When does a director owe a primary duty to creditors?

Frank Bouette

Frank Bouette


The Supreme Court recently confirmed when a director’s duty to creditors comes into effect, if their company is in the ‘twilight’ zone of potential insolvency.  The ruling Sequana confirmed that the Court will adopt a commercial approach:
  • When a company is insolvent, or bordering on insolvency, a director’s duty to act in the interests of the company, includes the interests of its creditors. A mere risk of insolvency does not trigger this duty, it must be insolvent or bordering on it;
  • When the duty arises, a director should balance the interests of creditors against those of shareholders on a sliding scale - the greater the financial difficulties the more weight should be given to creditor interests.  This may well “…depend upon the brightness or otherwise of the light at the end of the tunnel”;
  • Where insolvent liquidation or administration is inevitable, creditor interests become paramount, because shareholders cease to retain any valuable economic interest;
  • Where the duty arises, shareholders cannot ratify a transaction in breach of it.  The duty applies when directors are considering the payment of a dividend, even if the relevant accounts demonstrate sufficient distributable reserves; and
  • The interests of creditors for the purpose of this duty are those of creditors as a general body, not particular creditors in a special position.

This decision is welcome news to boards that the Court will be commercial, which allows directors a degree of pragmatic latitude based on the realities of their actual situation.  It means directors must consider creditor interests from the point at which the company is bordering on insolvency, but not merely because it is at a risk of insolvency at some time in the future.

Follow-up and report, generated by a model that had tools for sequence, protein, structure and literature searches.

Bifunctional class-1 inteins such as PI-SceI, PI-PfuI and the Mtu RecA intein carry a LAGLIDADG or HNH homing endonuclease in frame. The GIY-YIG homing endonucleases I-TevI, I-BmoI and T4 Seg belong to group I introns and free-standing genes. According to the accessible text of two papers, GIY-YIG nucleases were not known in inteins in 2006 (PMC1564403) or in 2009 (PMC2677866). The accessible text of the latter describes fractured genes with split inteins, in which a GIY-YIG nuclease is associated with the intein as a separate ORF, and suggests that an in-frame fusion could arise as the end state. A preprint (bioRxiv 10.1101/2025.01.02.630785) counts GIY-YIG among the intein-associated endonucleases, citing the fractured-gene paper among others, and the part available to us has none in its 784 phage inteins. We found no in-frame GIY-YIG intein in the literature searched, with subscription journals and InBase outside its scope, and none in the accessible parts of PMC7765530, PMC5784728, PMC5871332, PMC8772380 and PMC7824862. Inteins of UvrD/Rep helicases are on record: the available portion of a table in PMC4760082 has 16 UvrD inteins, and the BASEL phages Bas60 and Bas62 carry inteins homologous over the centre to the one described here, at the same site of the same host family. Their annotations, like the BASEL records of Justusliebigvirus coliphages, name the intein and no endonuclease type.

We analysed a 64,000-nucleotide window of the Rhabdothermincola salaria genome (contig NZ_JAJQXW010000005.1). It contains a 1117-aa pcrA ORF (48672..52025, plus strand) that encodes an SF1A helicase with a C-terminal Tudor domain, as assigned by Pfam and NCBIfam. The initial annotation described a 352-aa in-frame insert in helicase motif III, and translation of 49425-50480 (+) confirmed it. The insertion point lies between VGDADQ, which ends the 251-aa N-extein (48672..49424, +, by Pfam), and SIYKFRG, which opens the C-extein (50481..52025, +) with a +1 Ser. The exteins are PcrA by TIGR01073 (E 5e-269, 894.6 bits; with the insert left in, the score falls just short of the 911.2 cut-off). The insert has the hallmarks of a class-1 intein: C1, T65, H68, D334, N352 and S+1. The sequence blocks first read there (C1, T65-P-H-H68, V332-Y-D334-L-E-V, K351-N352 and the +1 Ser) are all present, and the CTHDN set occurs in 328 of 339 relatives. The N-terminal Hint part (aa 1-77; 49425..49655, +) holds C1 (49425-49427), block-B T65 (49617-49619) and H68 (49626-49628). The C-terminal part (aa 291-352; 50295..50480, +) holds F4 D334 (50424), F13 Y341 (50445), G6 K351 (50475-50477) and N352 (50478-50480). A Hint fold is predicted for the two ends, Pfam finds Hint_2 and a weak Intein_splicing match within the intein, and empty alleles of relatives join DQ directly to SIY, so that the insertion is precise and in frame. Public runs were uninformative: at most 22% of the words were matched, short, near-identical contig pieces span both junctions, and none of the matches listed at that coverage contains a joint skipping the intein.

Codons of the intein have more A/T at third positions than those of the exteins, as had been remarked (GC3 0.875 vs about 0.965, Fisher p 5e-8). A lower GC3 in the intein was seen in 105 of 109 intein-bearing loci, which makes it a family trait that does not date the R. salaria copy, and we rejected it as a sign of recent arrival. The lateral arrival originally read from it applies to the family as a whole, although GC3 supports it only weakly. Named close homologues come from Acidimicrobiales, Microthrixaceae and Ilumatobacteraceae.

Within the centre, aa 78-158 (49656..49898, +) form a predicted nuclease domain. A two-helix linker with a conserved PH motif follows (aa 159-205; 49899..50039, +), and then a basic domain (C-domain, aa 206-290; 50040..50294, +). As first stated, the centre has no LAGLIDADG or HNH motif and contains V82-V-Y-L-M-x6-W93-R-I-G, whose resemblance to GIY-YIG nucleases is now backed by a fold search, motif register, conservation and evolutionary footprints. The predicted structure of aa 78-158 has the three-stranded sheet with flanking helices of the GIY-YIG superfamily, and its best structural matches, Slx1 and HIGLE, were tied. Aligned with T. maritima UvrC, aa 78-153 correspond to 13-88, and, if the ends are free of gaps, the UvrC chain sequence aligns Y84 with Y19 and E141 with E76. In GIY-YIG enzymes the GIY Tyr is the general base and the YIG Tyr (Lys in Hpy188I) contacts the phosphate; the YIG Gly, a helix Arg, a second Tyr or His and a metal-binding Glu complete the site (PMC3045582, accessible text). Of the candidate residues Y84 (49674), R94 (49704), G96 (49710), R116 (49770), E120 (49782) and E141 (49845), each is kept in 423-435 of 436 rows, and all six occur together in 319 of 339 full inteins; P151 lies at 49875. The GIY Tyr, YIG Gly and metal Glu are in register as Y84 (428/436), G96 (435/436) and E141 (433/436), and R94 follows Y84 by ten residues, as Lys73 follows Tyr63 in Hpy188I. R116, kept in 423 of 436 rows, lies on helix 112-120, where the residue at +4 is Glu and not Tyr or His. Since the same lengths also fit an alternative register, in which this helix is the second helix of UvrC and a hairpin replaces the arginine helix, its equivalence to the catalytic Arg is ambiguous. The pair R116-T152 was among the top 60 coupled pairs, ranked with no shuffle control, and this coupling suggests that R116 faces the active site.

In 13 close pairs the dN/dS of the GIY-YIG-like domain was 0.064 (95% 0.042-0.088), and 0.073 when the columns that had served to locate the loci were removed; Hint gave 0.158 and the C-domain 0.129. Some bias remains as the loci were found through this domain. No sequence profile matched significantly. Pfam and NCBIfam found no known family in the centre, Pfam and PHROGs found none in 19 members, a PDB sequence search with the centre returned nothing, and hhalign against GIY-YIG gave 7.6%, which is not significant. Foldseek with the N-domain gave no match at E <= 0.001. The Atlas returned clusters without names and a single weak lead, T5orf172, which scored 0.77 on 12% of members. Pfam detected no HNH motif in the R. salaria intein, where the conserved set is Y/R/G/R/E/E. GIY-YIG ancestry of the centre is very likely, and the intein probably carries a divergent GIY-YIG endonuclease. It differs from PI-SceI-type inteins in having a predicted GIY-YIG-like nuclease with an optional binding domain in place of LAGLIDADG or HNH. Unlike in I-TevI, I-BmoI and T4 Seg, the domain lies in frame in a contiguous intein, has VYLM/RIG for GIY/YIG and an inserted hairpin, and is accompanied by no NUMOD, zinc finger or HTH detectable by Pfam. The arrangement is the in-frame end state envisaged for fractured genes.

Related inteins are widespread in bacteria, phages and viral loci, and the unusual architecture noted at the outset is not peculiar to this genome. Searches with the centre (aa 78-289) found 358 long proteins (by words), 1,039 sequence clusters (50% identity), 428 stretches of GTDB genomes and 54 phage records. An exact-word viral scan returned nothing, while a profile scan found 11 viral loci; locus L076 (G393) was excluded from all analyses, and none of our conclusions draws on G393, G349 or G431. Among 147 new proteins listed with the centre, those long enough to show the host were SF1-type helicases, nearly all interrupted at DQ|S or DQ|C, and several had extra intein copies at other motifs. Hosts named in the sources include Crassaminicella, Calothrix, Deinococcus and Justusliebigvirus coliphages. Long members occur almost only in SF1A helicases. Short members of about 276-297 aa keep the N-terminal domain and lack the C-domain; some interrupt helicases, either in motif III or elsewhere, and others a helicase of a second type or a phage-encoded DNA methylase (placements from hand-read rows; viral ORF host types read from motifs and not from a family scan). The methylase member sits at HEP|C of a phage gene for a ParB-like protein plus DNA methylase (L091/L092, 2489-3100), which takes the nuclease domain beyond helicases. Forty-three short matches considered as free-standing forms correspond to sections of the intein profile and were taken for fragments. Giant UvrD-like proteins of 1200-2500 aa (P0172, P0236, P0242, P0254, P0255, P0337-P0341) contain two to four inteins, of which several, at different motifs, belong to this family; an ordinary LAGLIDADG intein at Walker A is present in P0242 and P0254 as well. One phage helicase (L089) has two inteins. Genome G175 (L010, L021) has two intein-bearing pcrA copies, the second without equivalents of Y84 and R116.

Directors no longer find themselves forced to instigate an insolvency process when they can reasonably demonstrate that there is a realistic light at the end of the tunnel.  However, they must still monitor the position carefully – the precise tipping is difficult to pin-point.  Real time financial information, regular monitoring of it and proper records of decisions (including professional advice on and the rationale for them) are essential to ensuring directors protect themselves; and to ensure they quickly identify when the balance shifts and duty is triggered.  

In the current climate there is likely to be a push by shareholders for companies to declare and pay out dividends as soon as possible, to maximise cash to shareholders. Directors must not assume that just because there are sufficient distributable reserves shown in the relevant account to allow this, that they are automatically safe to do so – remember that in some cases those accounts may be months old.  Care should be taken to assess the position of the company at the actual time the dividend is proposed and ensure the company is neither insolvent, nor bordering on insolvency.  If it is, care should be taken to appropriately balance the interests of shareholders (i.e., paying the cash dividend out) against the interests of creditors (keeping the cash in the company to pay them).

From a lender’s perspective, this does mean their protection as a creditor is watered down slightly where a company is in financial difficulty, but insolvency is not inevitable – as their interests will not automatically take precedence to shareholders.  The Court recognised that the purpose of limited liability is “to encourage risk taking as an essential part of commercial enterprise”; and stated that creditors are broadly expected to be the “guardians of their own interests”.

However, reminding directors of the duty – and the fact it is a sliding scale that can change quickly – is a useful tool to lenders faced with borrowers who are facing financial distress; and who aren’t fully engaging and / or are trying to extract cash to shareholders.  A reminder of the duty, and the speed with which that tipping point can occur, may be enough to bring them to the table. 

If you require practical advice, please feel free to contact us. 

[1] BTI 2014 LLC v Sequana S.A. and others [2022] UKSC 25

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